Plans for a rooftop park on top of the Radio City Music Hall with a connecting sky bridge at Rockefeller Center were approved by the New York City Landmark Preservation Commission at a hearing this morning.

Renderings of the proposed rooftop park on top of Radio City Music Hall.

The park plan, presented by Rockefeller Plaza owners Tishman Speyer and G3 Architecture, will create half-an-acre of landscaped rooftop garden, in keeping with architect Raymond Hood’s original vision for the center — which included unrealized plans for connecting sky bridges. The bridge in the new plan will connect the roof of the music hall with 1270 Avenue of the Americas and will not be visible from street level.

Over the years, the rooftop space has been used by staff at Radio City Music Hall for everything from tennis to shuffleboard, but since the early 1960s it had reverted to an unused area.

The architects showed how the rooftop area had been used over the years — including for tennis and shuffleboard.

“I wish I could say that this was an idea of our creation. This project really has its roots in the original vision for the center and the notion that Rockefeller Center was conceived as a campus of interconnected green rooftops and terraces,” shared EB Kelly, Managing Director of Tishman Speyer’s Rockefeller Center. “COVID has shown us that outdoor spaces are even more important than we had ever realized. As we look to bring our office tenants back, the idea of being able to deliver great outdoor amenities feels like the right moment to be moving that ahead. We are committed to making sure that Rockefeller Center is a dynamic part of the New York recovery.”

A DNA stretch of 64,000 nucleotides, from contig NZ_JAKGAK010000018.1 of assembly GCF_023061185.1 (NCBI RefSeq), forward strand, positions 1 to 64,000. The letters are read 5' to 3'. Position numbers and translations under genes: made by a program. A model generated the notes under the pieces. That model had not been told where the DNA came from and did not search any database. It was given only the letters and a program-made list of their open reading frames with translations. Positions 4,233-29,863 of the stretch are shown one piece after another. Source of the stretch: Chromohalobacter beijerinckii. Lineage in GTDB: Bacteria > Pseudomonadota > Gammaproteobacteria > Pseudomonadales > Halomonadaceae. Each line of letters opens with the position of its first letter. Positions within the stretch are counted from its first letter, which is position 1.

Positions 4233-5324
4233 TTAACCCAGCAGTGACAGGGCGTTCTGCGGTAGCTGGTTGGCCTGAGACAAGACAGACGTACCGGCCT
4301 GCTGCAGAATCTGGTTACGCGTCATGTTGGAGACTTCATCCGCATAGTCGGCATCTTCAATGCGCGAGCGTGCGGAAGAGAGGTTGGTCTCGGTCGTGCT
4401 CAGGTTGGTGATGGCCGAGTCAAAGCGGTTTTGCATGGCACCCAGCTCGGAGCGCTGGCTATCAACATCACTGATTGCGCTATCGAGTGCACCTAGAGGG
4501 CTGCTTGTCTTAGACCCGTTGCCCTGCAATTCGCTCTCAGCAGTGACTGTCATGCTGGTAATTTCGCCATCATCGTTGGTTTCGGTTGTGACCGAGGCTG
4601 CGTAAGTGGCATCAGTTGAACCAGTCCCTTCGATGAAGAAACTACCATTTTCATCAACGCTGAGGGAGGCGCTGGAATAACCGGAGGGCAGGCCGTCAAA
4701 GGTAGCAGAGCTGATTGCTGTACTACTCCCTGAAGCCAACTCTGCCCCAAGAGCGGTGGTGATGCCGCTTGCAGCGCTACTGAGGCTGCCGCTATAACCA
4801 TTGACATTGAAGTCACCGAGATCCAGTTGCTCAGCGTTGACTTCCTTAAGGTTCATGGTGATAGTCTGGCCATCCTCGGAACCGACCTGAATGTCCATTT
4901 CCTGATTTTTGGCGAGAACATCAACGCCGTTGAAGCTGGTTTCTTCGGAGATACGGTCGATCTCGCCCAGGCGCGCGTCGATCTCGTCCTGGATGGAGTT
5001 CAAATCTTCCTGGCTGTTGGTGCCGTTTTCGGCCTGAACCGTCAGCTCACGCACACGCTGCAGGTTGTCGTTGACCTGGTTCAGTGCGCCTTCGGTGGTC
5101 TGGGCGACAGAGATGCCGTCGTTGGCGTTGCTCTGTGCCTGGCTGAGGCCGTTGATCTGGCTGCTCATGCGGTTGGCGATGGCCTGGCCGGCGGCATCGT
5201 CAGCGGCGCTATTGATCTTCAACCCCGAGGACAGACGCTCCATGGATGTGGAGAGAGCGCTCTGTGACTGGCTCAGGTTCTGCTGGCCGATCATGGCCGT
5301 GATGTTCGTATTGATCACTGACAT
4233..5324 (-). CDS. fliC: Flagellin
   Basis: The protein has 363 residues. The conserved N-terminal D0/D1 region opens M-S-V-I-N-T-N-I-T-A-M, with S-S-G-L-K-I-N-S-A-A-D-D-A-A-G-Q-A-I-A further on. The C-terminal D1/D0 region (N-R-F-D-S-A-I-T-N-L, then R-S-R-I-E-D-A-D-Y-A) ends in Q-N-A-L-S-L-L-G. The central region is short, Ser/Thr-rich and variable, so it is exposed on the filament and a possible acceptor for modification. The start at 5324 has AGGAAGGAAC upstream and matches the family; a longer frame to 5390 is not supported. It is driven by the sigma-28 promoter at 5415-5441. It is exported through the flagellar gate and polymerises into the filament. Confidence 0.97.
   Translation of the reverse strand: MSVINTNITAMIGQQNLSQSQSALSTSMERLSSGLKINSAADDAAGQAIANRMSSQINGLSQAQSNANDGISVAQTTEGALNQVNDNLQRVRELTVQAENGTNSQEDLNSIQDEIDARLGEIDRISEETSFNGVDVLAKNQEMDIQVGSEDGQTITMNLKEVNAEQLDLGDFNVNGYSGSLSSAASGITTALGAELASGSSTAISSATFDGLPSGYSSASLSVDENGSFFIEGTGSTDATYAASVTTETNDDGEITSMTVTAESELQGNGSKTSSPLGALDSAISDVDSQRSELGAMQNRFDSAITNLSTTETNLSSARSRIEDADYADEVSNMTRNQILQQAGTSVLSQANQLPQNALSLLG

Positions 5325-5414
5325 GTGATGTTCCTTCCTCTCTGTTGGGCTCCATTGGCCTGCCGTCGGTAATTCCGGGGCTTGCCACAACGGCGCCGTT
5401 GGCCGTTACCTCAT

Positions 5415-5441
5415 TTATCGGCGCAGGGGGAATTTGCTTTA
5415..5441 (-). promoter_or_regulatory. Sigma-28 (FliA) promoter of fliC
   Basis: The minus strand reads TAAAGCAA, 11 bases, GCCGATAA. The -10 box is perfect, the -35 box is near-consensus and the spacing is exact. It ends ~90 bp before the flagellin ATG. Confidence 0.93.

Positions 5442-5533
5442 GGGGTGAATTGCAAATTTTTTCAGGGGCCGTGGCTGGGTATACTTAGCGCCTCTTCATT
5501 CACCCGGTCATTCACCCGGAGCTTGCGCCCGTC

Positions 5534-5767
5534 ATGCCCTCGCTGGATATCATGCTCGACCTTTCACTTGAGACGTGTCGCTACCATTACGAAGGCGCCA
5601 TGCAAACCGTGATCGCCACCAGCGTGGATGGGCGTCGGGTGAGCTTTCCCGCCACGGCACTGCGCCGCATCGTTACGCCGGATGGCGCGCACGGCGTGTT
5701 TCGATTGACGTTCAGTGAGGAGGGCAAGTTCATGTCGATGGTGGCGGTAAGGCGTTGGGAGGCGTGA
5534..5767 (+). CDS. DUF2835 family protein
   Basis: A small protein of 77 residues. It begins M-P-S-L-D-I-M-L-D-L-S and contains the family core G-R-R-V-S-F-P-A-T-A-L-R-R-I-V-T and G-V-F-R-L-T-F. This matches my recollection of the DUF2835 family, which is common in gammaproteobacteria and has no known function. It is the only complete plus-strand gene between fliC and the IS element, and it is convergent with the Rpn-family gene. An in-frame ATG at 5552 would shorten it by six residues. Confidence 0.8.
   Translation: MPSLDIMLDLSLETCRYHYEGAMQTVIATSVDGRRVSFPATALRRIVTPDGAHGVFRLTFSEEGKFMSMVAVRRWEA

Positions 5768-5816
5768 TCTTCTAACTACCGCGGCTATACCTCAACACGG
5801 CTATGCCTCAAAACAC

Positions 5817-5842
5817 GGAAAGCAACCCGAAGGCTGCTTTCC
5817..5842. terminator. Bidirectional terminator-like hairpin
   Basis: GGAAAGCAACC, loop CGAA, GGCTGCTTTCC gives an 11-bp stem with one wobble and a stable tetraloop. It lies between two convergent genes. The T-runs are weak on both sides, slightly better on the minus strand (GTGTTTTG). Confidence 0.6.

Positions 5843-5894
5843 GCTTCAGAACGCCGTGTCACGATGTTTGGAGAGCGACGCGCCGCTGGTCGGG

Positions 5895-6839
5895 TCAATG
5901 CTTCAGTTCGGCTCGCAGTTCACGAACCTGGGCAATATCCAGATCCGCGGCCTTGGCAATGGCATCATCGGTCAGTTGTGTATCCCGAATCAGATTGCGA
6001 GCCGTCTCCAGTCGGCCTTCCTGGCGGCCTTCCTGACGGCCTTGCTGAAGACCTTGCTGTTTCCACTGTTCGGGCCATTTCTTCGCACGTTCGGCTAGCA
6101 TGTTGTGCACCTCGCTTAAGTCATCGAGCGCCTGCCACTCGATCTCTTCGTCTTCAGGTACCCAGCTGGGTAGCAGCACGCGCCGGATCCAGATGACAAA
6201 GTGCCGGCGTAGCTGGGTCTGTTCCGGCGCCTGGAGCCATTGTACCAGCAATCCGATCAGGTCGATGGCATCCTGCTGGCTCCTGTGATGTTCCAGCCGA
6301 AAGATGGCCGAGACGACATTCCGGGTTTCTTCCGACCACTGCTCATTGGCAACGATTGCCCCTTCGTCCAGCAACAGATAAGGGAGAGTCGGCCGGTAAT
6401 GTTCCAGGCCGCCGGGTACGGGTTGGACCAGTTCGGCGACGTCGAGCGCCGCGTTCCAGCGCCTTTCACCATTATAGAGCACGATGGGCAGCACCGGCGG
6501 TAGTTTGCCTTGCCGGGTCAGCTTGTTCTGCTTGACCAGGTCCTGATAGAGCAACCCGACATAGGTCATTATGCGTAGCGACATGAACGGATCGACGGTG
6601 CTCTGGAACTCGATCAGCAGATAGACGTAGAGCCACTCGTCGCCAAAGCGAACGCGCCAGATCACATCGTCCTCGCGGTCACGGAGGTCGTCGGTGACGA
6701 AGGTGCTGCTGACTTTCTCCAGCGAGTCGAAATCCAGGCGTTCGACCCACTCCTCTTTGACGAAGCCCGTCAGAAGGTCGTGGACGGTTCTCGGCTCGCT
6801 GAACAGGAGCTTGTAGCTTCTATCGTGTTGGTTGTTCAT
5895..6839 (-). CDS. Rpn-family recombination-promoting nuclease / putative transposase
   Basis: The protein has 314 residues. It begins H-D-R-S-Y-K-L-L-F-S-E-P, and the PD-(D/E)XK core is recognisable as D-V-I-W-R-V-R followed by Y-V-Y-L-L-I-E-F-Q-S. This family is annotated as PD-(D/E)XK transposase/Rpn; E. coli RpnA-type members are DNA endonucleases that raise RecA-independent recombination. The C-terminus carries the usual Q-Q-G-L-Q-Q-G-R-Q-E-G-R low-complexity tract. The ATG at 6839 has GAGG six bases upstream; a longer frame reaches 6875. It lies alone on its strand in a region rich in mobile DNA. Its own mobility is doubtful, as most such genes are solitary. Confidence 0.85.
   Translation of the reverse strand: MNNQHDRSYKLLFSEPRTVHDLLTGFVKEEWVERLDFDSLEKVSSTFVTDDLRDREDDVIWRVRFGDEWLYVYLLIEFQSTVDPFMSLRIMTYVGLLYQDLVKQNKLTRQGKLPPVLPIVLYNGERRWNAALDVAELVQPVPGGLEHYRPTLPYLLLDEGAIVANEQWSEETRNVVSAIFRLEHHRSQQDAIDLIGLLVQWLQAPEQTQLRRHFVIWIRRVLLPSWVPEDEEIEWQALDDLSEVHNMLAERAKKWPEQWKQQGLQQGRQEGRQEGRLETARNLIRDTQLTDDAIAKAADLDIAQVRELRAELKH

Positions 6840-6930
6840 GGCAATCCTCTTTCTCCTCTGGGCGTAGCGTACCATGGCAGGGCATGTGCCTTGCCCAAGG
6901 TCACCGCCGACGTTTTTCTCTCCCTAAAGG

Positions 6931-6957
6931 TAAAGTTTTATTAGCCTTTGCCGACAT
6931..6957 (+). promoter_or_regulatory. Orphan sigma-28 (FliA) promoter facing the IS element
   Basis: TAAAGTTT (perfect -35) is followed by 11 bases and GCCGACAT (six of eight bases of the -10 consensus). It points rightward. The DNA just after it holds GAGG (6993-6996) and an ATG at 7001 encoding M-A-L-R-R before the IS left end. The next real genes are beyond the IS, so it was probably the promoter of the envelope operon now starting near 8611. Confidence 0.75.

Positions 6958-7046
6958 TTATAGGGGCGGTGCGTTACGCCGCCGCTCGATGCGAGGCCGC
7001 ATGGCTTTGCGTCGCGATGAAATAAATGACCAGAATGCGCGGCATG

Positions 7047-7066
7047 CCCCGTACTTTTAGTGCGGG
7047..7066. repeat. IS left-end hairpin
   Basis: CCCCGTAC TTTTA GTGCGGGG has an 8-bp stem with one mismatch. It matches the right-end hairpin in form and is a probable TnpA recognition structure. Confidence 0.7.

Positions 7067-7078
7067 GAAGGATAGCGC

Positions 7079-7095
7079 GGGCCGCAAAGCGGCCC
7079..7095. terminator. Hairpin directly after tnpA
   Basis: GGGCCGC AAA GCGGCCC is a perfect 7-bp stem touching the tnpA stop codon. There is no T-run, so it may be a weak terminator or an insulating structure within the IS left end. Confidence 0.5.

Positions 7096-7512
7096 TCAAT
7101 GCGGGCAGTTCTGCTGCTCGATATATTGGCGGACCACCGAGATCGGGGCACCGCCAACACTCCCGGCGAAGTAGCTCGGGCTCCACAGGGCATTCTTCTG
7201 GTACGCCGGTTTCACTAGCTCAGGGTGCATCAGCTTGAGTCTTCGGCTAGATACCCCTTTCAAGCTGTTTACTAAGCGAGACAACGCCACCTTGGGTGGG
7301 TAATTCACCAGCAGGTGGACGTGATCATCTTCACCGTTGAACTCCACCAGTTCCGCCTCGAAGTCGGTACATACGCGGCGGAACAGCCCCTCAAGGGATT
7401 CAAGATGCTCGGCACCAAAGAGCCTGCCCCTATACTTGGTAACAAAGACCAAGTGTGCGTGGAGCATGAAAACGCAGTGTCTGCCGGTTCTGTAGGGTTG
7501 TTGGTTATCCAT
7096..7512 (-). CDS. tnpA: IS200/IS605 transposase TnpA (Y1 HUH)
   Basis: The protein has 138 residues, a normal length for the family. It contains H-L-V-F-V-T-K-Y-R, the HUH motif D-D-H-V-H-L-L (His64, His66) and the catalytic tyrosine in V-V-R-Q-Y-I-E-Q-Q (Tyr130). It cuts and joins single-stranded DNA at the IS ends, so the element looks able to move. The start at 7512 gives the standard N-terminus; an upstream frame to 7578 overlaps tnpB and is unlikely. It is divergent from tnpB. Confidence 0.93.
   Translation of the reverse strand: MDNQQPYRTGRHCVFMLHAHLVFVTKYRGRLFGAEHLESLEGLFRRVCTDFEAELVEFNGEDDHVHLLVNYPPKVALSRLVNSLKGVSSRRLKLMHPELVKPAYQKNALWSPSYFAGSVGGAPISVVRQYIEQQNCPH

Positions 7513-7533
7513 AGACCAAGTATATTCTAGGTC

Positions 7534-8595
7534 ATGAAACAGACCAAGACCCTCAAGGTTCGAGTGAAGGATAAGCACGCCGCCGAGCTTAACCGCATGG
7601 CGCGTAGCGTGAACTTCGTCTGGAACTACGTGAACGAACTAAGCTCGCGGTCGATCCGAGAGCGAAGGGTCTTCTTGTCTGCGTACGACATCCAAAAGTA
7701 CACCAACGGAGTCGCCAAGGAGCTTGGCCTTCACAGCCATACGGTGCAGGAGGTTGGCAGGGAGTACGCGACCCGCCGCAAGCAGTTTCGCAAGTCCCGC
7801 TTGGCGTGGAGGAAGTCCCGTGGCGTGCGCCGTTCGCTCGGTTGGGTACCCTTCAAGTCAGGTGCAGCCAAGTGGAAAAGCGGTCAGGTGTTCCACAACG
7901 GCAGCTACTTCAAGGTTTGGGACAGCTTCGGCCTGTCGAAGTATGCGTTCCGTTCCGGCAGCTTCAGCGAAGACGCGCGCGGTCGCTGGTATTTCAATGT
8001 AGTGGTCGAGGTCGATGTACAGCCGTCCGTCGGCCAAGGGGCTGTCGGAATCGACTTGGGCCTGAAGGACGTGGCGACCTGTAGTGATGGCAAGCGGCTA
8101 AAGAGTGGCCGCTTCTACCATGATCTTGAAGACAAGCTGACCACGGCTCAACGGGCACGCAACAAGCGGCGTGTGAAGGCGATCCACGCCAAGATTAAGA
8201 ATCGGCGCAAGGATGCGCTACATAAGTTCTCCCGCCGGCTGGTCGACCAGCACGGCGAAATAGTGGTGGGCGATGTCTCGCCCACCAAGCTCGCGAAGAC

Original drawings from the 1930s show how rooftop gardens and sky bridges were in the original vision for Rockefeller Center.

Commissioner Michael Devonshire said: “The proposed sky bridge is in keeping with the center’s original goals of a network of rooftop gardens. And the work will not detract from the special architectural or historic character of the Rockefeller Center landmark complex.”

“It’s a wonderful project. I really do think that this ensemble of buildings is really gonna play a significant part in this idea of the recovery of the city,” said Commissioner Adi Shamir-Baron. “We’re using roof gardens at a scale of intention that I think is so powerful for the future of how we’ll live in the city.”

The NYCLPC approved the work unanimously. The rooftop will be available to workers and their guests — but there are no plans to make it a public space.

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